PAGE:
Finally we get to the core gameplay mechanic of Valkyria Chronicles: combat. As you flip through the panels of the Book mode, you’ll come to missions that must be undertaken. You’ll also unlock skirmishes as you move through the game: these can be played over and over in order to level up your army.
Combat takes place on two levels: there’s a strategic ‘map’ view of the combat area used for planning, and then a third person view for the actual combat. Each turn you get a set number of Command Points which are spent to give a particular fighter a turn, or to issue a command-level Order. These Orders are learned via the old man in the Cemetery back at HQ or get unlocked via leveling your army. Orders do things like heal a particular unit, increase evasion, call down sniper fire on a specific enemy, etc. You’ll tend to use these pretty lightly, with the bulk of your Command points going to giving your troops a chance to move.
Once you expend a Command Point to activate a unit, you zoom down into the 3D representation of the battlefield until you’re looking over that unit’s shoulder. A unit has a set number of Action Points it will spend in moving around the battlefield, and the ability to perform one activity per movement phase. That activity can be firing at an enemy, hurling a grenade, or healing an ally. As a unit moves it’ll be given the opportunity to crouch behind sandbags, crawl when in tall grass, etc. There are no time limits to this phase, but enemies will fire at you while you’re exposed and moving around, which can put a quick end to that unit’s military career.
In order to fire/throw/heal, you tap the R1 button which brings up a targeting reticule. At this point time is frozen. You move the reticule over your intended target and hit the X button to fire. Location on the target does count, so you can try for head shots or try to hit the radiator on the back of a tank (the mechanical version of a head shot). Grenades arc and do area-of-effect damage but their range is pretty short. To heal someone (or in the case of an engineer, repair the Edelweiss) you need to be adjacent to them. If you’re firing on an enemy who is unaware of you, you get a bonus to you chance to hit.
After firing, a unit can continue to move assuming it has Action Points left. There is a brief pause after firing which seems designed to let the bad guys get off a least a couple shots at you, but it is very possible to dart out into a street, shoot a bad guy in the back, then run back behind cover before he can return fire. In fact, that’s SOP for a Scout. Once you are done moving and firing a particular unit, hitting the Circle button brings you back to Command view to issue more orders. You can issue multiple orders to a single unit in one turn, but each time they get fewer and fewer action points (and in some cases ammunition is limited and replenishes only between turns). At any time you can end your turn, and unused Command Points will “roll-over” to the next turn.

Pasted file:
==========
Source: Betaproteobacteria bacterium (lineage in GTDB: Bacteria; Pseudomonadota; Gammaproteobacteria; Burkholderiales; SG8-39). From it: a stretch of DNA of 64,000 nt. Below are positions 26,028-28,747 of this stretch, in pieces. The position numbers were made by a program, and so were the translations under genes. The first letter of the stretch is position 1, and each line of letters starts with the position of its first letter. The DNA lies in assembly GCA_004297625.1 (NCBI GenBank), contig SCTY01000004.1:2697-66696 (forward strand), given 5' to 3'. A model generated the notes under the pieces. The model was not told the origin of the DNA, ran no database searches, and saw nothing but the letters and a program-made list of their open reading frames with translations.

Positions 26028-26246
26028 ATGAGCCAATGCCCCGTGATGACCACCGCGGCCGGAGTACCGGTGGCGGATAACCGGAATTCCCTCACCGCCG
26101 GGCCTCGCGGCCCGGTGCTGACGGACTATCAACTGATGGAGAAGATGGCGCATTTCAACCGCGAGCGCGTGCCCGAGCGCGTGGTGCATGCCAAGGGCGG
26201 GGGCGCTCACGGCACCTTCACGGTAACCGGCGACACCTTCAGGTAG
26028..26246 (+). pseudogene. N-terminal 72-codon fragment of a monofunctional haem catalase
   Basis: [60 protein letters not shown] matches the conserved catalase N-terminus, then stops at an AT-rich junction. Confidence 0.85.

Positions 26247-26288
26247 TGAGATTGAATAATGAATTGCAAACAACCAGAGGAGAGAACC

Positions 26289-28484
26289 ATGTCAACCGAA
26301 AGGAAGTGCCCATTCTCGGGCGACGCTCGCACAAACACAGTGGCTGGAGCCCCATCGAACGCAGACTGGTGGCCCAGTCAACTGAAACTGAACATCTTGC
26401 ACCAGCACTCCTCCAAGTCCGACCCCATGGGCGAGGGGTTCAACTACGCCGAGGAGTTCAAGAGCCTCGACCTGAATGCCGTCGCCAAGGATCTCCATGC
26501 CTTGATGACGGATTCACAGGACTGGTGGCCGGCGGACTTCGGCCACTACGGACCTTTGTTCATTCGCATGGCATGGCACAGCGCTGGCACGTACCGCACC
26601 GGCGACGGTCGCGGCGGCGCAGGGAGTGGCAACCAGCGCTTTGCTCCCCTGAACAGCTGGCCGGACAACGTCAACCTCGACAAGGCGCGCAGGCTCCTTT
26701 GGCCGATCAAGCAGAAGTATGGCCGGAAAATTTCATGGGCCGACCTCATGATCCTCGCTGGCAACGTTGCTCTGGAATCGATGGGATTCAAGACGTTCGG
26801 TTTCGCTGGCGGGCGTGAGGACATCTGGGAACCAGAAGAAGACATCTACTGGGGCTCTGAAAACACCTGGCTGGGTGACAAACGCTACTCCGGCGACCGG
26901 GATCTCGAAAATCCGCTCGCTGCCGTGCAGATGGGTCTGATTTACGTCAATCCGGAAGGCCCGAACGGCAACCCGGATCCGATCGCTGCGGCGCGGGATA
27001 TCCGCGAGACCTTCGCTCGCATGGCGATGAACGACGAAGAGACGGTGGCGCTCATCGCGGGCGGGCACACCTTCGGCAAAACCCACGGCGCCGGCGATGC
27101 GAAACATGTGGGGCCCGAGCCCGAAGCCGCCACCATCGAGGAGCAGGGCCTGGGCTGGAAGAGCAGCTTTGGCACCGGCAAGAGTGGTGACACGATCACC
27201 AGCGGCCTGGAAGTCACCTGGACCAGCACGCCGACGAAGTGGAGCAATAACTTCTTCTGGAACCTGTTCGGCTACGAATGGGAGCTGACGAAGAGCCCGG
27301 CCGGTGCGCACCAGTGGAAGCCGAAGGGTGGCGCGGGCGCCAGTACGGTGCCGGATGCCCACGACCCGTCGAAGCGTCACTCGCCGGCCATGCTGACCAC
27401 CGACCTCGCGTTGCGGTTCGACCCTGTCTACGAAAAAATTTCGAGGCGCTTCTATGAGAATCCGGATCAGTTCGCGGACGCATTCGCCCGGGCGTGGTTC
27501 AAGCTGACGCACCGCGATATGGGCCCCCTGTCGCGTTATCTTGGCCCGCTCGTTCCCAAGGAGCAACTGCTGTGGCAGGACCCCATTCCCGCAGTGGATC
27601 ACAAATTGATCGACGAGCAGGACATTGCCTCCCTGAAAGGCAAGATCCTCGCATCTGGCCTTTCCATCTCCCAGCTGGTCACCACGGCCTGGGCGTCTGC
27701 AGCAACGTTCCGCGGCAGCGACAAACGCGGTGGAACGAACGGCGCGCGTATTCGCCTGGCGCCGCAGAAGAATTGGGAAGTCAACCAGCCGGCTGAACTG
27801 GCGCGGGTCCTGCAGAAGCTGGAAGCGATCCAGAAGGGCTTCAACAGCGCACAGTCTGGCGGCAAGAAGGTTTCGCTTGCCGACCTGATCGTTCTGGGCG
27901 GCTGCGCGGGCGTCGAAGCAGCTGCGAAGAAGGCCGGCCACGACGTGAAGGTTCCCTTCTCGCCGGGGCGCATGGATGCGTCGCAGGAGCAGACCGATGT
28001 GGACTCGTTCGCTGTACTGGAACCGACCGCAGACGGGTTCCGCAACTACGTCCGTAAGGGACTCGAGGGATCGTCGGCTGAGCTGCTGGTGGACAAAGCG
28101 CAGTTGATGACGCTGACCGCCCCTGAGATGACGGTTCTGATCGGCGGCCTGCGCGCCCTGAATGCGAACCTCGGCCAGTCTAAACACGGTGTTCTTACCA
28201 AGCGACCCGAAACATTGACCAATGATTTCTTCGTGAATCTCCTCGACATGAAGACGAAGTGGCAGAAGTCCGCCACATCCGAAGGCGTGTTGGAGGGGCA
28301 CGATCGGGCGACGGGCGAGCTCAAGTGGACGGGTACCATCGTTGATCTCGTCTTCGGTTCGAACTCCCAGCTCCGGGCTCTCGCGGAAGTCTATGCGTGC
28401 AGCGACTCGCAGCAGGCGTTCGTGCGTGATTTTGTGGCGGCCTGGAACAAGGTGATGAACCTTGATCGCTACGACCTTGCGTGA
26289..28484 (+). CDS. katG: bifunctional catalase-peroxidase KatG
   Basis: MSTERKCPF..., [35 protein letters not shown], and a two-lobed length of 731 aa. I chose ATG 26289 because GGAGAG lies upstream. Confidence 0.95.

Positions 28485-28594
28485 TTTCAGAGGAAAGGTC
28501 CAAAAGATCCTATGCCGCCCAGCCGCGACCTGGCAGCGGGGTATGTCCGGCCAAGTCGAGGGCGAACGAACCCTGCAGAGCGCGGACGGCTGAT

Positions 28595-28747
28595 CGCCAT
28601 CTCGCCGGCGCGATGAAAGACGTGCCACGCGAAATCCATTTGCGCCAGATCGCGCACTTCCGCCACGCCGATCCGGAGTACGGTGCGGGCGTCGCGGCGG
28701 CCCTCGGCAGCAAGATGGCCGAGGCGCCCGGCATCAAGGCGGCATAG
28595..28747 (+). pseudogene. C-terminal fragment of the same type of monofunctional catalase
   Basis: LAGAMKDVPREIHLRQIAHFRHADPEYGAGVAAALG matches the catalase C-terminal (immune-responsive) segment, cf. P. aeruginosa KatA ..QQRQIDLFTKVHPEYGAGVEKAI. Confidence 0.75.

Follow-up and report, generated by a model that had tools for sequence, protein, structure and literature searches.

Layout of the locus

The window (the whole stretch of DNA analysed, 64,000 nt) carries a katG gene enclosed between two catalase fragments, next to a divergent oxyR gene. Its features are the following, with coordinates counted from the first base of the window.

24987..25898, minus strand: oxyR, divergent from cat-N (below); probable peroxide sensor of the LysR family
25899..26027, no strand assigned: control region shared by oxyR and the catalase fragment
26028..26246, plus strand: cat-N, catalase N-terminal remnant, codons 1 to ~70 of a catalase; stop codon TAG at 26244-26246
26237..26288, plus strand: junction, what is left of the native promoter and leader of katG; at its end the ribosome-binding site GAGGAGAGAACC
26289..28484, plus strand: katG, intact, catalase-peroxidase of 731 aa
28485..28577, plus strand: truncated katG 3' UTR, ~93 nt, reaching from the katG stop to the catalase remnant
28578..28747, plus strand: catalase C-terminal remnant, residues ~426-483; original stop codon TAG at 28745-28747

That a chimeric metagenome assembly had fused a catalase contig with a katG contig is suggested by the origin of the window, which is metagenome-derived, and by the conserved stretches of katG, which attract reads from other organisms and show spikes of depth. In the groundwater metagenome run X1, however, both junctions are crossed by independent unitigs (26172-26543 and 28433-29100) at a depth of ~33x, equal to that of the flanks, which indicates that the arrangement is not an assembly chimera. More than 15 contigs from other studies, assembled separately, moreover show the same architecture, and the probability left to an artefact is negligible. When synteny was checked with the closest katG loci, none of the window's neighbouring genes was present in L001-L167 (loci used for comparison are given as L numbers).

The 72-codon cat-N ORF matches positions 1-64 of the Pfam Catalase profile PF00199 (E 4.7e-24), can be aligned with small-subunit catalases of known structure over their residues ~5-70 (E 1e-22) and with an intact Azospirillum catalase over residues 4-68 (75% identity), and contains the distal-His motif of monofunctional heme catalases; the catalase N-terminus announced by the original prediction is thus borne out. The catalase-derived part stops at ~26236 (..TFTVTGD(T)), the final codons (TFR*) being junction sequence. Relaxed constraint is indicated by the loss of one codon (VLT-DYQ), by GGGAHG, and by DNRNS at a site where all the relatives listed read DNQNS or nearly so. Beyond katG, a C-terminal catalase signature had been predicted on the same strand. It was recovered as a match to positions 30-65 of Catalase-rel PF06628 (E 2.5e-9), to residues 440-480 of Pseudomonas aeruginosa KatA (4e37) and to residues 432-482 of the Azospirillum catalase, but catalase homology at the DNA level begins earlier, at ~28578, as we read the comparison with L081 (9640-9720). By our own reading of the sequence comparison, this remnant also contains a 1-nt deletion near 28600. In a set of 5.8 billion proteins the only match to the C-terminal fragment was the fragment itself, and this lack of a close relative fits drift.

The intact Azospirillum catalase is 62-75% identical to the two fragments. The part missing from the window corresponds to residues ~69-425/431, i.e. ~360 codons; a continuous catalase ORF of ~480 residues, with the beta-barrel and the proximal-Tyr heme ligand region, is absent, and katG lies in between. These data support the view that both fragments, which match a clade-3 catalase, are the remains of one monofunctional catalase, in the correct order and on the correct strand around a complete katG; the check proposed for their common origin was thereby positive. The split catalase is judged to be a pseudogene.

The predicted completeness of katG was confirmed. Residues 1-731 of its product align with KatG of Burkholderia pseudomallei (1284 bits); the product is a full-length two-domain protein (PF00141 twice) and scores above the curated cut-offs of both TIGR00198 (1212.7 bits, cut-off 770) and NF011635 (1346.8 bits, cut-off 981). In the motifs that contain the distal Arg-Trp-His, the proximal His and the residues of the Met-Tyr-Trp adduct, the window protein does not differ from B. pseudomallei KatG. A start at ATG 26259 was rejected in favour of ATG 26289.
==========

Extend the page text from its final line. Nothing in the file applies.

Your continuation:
While the enemy is moving, you’ll be looking at the Command map. You’ll see spotted enemy units moving (and your troops will auto-fire on them from time to time, but seemingly not as often as the enemy does to you) or “hear” units moving in the form of comic-book style sound-effect bubbles appearing on the map. These will give you a general indication of where the enemy is.
And those are the basics of combat in Valkyria Chronicles. I’m finding battles to be an awful lot of fun, hearkening back to classic PC games like Jagged Alliance or X-Com. “Opportunity Fire” is represented by units auto-firing when they see an enemy. Most battlefields have Camps to occupy, and you can Retreat units from these camps (move them off the battlefield) and bring in Reinforcements from your squad in their place. So (for example) if you run into a squad of tanks and are short on Lancers, you can Retreat a couple of Snipers and bring in Lancers to deal with the tanks. Some aspects of the battlefield are destructable, which adds to the fun. When the Edelweiss knocks over a wall that’s protecting a bunch of AI units leaving them exposed to withering fire from your Shocktroopers…that’s a good feeling. 🙂
The AI isn’t particularly challenging, at least early on in the game, but the odds are always stacked against you (and finishing a battle faster yields a better rating and rewards). This fits in with the overall theme of the game being a small group of militia kicking the butt of a much larger military force. But I have seen the AI do some really silly things, like attempt to auto-fire on one of my troops but instead shoot another AI unit standing next to the firing unit. On the plus side that shows that ammo is “live” with a real trajectory and collision detection, I guess.
I guess that ends my rather verbose “First Look” at Valkyria Chronicles. I didn’t know much about the game when I added it to my Christmas List, other than the fact that it was a strategy game that was getting good reviews but not doing well in sales. So far I’ve been absolutely delighted, and I hoped that by describing the game a bit, I could turn on a few PS3 owners to this (so far, at least) excellent game.